Nanotechnology may find disease before it starts
Nanotechnology may one day help physicians detect the very earliest stages of serious diseases like cancer, a new study suggests.

Environmental effects on genetic adaptation and population dynamics
Researchers observe a link between the genetic composition of the Pgi locus (an enzyme linked with flight metabolic performance) and local population growth within a metapopulation of butterflies, according to a study published in PLoS Biology.

FRSQ and its partners invest over $1.2 million in Quebec consortium for research on C. difficile
The Fonds de la recherche en santé du Québec (FRSQ) and its partners are investing $1,230,000 (plus a service contribution valued at $260,000) to set up a Quebec consortium for research on C. difficile in order to gain a more in-depth understanding of the factors related to recent outbreaks in Quebec and find solutions to this major problem.

End-of-life treatment preferences may change as health declines
A study of older adults with advanced chronic illnesses indicates that as a patient's health declines, that individual may be more likely to accept treatments that would result in mild to severe functional disability, according to an article in the April 24 issue of Archives of Internal Medicine, one of the JAMA/Archives journals.

The World Bank accused of deception and medical malpractice in malaria treatment
In a Viewpoint published online by The Lancet on Africa Malaria Day (April 25), a group of public health experts claim that the World Bank has published false financial and statistical accounts and wasted money on ineffective medicines in malaria treatment.

Alejandro Zaffaroni to receive 2006 Biotechnology Heritage Award
The Chemical Heritage Foundation (CHF) and the Biotechnology Industry Organization (BIO) will present the 8th Annual Biotechnology Heritage Award to Alejandro Zaffaroni, an outstanding pioneer of the biotechnology revolution and legendary entrepreneur with considerable scientific and business skills.

A satirical look at how to navigate technology organizations
Addressing the specific problems facing organizations that deal with modern technology,

Stroke-associated damage to brain structure may lead to heart attack
Researchers using a new method of analyzing brain images have identified an area of the brain that, when affected by a stroke, may also cause damage to the heart muscle.

Oregon chemist Geri Richmond elected to American Academy of Arts and Sciences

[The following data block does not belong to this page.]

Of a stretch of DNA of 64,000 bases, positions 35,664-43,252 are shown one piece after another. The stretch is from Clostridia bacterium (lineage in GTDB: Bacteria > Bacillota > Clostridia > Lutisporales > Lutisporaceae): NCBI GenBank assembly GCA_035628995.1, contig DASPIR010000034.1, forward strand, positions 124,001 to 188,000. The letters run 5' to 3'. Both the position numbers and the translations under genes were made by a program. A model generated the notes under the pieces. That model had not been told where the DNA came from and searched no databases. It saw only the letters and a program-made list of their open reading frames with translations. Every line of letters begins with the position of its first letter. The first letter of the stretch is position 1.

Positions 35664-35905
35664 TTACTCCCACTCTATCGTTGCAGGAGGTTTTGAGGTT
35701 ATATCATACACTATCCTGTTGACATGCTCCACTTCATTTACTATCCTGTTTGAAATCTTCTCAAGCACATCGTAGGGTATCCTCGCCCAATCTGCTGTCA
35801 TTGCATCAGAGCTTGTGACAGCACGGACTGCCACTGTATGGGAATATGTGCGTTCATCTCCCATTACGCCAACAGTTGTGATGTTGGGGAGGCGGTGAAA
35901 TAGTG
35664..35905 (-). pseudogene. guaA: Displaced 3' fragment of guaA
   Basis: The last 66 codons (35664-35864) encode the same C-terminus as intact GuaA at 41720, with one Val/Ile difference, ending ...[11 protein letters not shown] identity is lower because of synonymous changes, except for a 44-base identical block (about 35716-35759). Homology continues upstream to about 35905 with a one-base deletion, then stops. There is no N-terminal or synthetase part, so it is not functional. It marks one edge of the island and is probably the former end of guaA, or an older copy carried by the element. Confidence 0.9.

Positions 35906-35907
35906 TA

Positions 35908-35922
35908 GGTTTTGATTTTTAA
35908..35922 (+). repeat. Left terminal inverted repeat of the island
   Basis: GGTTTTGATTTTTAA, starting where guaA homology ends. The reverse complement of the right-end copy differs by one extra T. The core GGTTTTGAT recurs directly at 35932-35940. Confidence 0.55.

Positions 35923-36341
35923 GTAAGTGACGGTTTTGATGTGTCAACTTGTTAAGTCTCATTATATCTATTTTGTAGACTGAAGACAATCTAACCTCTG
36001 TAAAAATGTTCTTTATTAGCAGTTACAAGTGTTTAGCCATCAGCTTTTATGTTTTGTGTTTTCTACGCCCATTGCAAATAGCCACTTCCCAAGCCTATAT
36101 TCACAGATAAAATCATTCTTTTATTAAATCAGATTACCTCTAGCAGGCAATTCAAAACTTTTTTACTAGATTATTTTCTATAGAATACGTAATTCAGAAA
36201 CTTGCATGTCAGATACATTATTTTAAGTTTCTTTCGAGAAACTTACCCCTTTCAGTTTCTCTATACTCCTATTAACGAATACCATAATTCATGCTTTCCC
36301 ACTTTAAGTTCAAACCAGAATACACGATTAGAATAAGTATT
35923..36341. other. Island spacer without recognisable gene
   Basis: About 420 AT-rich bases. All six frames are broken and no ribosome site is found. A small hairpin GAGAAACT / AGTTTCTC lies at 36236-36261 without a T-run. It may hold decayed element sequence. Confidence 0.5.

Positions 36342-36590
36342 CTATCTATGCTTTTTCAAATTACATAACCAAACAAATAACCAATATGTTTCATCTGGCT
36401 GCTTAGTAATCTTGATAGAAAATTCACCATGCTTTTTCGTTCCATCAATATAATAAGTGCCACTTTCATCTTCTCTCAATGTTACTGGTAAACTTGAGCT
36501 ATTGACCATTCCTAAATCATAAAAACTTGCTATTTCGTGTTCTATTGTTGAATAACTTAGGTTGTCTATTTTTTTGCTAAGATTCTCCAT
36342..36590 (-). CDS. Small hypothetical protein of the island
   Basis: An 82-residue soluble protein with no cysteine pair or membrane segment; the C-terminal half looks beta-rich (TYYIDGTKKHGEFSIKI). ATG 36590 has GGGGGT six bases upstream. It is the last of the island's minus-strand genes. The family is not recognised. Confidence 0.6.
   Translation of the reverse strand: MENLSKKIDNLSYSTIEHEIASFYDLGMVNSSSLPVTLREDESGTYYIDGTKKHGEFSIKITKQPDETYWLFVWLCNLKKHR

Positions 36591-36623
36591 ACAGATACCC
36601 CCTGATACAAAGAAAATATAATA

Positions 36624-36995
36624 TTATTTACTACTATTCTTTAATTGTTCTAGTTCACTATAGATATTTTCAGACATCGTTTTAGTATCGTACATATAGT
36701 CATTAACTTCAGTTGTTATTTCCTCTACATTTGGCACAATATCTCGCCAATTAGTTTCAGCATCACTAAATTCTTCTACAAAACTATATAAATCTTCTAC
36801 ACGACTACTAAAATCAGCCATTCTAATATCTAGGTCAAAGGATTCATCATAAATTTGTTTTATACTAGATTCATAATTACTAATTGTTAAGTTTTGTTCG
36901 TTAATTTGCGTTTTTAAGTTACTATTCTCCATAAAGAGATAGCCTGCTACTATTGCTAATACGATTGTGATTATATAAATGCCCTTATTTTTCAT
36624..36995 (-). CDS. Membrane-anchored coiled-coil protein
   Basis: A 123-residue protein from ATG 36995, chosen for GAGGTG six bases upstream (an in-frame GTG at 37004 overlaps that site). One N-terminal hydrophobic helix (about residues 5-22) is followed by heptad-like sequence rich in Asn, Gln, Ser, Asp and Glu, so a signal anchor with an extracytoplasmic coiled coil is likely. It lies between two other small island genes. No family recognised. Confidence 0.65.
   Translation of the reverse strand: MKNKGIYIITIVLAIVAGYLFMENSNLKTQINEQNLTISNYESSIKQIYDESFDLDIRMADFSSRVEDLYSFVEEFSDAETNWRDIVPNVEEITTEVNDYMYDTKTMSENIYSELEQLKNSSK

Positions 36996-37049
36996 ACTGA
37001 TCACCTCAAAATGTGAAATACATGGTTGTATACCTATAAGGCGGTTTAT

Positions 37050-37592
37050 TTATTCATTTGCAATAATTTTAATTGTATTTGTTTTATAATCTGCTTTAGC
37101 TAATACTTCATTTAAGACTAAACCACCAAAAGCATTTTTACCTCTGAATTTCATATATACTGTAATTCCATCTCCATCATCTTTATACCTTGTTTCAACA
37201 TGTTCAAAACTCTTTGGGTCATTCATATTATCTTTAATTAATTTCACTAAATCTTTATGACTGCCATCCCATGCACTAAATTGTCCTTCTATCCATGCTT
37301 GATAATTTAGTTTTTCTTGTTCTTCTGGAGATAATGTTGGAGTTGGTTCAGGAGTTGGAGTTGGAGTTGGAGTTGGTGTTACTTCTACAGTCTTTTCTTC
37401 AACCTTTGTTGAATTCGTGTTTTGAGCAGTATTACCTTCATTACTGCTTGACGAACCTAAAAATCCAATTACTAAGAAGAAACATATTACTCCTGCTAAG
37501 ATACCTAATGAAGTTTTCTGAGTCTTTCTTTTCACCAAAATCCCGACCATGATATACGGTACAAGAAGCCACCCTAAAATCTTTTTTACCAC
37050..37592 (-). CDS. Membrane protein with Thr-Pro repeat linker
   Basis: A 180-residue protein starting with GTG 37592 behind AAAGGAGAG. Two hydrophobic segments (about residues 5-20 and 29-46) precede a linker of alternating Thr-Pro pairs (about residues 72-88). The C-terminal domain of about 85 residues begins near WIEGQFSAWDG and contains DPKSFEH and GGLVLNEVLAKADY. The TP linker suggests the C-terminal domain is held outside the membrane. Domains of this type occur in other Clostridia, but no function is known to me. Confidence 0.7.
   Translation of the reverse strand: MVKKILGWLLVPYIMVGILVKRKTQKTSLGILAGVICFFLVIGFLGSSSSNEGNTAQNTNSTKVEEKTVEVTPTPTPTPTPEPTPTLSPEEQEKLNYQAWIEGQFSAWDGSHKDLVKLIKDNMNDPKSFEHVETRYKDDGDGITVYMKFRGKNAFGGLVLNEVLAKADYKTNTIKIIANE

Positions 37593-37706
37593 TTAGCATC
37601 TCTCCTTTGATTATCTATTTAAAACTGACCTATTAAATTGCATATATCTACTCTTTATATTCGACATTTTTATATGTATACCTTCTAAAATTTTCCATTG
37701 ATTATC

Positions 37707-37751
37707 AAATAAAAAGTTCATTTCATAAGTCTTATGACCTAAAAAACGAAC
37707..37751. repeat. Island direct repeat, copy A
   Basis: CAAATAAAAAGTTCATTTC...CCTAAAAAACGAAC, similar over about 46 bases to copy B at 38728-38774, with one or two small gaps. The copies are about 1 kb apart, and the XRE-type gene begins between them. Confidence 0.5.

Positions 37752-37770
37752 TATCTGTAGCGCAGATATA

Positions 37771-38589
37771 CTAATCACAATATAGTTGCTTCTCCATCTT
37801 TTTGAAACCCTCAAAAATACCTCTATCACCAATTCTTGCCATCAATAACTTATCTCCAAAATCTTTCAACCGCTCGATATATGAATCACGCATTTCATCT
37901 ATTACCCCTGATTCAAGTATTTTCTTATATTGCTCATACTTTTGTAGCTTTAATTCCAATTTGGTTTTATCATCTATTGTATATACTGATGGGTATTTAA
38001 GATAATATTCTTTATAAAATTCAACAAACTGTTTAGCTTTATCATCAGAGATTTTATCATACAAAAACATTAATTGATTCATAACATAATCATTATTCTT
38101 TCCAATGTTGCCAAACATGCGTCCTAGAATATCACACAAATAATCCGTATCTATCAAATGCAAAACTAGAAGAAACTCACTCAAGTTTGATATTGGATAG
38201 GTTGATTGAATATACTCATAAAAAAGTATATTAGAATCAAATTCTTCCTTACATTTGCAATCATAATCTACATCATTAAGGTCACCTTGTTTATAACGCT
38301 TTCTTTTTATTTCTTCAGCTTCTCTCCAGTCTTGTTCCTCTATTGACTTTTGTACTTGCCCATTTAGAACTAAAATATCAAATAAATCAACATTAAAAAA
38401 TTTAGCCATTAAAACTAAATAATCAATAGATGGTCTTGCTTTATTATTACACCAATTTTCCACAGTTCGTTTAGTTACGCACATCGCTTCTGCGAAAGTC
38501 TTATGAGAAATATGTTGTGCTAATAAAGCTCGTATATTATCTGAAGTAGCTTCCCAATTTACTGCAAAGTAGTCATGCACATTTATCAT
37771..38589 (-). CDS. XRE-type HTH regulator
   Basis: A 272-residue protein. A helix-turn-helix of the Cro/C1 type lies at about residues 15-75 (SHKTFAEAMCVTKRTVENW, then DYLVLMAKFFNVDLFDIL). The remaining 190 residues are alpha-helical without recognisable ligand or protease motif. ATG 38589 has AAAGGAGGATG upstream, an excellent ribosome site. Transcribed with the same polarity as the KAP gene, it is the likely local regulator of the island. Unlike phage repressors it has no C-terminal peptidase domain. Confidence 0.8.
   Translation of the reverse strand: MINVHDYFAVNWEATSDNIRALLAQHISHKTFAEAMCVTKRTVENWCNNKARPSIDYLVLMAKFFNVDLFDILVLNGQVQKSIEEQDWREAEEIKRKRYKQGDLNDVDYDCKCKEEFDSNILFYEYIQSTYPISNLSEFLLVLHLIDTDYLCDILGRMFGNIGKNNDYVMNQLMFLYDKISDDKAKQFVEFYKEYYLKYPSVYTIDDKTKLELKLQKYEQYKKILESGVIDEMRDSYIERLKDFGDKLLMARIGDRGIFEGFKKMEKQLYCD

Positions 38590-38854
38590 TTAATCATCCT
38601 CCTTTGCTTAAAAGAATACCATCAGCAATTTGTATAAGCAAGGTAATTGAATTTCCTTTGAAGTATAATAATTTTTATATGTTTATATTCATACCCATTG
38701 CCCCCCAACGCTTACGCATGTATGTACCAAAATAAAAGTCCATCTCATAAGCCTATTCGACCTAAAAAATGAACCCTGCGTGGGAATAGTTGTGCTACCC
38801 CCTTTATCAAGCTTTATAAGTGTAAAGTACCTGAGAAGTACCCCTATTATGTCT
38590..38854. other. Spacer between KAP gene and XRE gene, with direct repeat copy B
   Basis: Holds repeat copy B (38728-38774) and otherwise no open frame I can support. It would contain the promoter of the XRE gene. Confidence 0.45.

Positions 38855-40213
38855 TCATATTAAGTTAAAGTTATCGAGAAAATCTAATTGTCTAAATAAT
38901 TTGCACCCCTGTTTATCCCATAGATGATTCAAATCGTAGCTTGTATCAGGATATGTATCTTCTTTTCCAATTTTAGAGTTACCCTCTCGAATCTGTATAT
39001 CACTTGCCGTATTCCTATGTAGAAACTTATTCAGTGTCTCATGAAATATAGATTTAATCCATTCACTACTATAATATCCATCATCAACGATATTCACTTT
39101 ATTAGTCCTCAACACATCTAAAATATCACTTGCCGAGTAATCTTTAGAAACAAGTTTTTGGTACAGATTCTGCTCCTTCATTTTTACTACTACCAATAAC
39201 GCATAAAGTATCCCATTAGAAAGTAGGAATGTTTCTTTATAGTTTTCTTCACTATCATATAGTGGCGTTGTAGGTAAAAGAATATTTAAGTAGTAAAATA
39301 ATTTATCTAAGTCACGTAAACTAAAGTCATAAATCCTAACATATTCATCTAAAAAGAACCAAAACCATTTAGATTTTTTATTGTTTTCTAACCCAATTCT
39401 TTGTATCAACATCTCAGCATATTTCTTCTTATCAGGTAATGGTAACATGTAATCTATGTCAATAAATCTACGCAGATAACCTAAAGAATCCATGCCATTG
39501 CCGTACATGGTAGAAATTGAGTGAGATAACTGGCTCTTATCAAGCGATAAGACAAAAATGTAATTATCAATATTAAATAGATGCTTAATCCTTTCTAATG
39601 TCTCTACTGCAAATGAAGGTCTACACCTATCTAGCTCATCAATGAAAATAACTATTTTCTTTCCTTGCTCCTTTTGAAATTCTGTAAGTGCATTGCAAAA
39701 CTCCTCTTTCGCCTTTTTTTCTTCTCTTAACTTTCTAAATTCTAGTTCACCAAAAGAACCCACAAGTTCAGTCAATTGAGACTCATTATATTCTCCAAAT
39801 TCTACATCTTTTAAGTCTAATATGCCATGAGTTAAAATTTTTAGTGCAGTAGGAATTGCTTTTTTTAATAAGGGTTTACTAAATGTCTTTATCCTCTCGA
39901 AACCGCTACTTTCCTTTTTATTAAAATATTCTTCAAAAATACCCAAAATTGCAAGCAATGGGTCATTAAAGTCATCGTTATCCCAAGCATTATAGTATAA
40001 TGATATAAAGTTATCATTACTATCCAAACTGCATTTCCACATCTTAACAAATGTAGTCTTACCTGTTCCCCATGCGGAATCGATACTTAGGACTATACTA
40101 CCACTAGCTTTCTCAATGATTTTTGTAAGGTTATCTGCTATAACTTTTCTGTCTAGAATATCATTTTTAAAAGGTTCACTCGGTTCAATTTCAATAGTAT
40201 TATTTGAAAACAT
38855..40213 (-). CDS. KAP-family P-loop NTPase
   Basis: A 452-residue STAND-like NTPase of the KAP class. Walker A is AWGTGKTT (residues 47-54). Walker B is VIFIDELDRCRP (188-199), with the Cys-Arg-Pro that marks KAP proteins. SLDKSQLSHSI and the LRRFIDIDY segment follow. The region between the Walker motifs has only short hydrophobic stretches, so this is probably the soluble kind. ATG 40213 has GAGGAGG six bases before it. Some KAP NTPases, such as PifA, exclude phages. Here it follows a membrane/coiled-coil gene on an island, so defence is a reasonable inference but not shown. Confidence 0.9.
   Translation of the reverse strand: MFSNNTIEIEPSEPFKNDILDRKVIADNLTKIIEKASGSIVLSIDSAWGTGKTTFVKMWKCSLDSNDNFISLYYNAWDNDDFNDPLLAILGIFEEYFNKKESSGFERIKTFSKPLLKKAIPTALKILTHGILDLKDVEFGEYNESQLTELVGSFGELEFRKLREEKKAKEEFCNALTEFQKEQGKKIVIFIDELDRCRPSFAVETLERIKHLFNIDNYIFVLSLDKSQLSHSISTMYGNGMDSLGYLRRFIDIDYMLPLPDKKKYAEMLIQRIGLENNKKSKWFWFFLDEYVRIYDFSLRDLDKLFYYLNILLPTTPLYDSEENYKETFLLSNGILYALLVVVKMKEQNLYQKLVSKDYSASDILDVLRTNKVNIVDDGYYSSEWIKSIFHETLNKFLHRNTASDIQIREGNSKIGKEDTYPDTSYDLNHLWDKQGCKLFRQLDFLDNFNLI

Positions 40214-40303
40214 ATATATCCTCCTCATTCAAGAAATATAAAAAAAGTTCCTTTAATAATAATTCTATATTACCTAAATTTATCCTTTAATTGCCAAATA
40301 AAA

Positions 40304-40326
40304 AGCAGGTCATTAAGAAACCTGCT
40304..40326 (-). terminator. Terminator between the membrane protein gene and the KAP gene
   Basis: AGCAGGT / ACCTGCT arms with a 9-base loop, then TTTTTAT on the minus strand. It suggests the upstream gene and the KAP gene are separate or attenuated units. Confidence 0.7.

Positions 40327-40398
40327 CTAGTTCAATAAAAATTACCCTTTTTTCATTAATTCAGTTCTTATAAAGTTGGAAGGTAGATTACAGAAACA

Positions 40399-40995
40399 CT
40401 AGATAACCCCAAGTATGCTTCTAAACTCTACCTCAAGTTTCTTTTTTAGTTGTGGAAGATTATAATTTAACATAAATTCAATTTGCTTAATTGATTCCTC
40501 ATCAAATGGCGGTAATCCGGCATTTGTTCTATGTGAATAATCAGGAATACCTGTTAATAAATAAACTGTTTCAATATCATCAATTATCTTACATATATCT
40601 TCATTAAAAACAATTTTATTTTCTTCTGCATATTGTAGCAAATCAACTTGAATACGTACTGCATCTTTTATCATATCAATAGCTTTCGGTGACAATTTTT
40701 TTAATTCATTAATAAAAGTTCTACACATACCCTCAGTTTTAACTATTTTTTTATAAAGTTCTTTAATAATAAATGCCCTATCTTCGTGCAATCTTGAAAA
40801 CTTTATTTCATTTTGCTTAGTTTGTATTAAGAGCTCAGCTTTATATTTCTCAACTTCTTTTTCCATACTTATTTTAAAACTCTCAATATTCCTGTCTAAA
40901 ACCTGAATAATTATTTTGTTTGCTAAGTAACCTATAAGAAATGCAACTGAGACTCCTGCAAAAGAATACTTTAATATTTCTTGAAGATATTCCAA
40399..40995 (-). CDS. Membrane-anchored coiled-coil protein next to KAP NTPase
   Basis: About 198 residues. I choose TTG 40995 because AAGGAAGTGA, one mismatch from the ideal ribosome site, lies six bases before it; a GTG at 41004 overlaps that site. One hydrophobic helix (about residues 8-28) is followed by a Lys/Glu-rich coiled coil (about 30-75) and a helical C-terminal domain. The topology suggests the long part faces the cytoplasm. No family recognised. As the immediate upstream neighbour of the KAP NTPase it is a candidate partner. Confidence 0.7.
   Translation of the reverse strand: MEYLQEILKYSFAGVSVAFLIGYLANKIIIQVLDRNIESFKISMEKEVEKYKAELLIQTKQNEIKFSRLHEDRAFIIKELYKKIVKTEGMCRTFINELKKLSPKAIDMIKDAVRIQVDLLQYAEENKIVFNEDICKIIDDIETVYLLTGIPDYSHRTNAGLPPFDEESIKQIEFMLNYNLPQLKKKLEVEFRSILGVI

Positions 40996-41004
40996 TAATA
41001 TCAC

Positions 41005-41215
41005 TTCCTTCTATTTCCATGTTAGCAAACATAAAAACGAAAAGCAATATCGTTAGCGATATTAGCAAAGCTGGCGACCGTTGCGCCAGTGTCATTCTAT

Geri Richmond, Richard M. and Patricia H. Noyes Professor of Chemistry at the University of Oregon, has been elected a fellow of the American Academy of Arts and Sciences.

Discovery prospects at the Large Hadron Collider
Will scientists ever find the elusive Higgs particle? Are there undiscovered particles

Blocking key protein reduces inflammatory markers in metabolic syndrome
Researchers from Massachusetts General Hospital have shown, for the first time, that blocking the action of a critical protein can improve multiple inflammatory pathways in patients with the metabolic syndrome - a cluster of symptoms associated with increased risk of cardiovascular disease and type 2 diabetes.

Many breast cancer survivors not getting recommended mammograms
A new study finds use of annual mammography among breast cancer survivors, who are at increased risk of a recurrence or a new malignancy in the other breast, dropped off after a few years.

Vulnerability to measles among nursery school children risen sharply
Vulnerability to measles infection has risen sharply among nursery school children in Scotland since 1998, despite recent increases in MMR uptake, reveals research published ahead of print in the Archives of Disease in Childhood.

Springer and the Society of General Internal Medicine announce partnership
The Society of General Internal Medicine (SGIM) has chosen Springer as the publisher of the Journal of General Internal Medicine (JGIM).

IU scientists devise means to test for phony technical papers
Authors of bogus technical articles beware. The Inauthentic Paper Detector uses compression to determine whether technical texts are generated by man or machine.

CHF to hold 6th Annual LISE Conference, 26-27 April 2006
The Chemical Heritage Foundation (CHF) will hold its sixth Leadership Initiative in Science Education (LISE) conference on 26-27 April 2006.

Doctors learn more about diagnosing rare form of cancer
Their experience treating a rare type of abdominal cancer has helped physicians at Wake Forest University Baptist Medical Center make a new discovery that may change the way it is diagnosed.

Immune culprit in malaria-associated anemia
Scientists have found that a protein produced by immune cells during malaria infection triggers severe anemia, a lethal complication of the disease.

Evidence mounts for sun's companion star
The Binary Research Institute (BRI) has found that orbital characteristics of the recently discovered planetoid,

Natural selection at single gene demonstrated
Wealth of genomic data makes it possible to identify mutations that cannot be attributed to chance.

NIH awards $13.3 million to Carnegie Mellon, University of Pittsburgh
Researchers from Carnegie Mellon University and the University of Pittsburgh have received a five-year, $13.3 million grant from the NIH to establish a National Technology Center for Networks and Pathways, headquartered at Carnegie Mellon.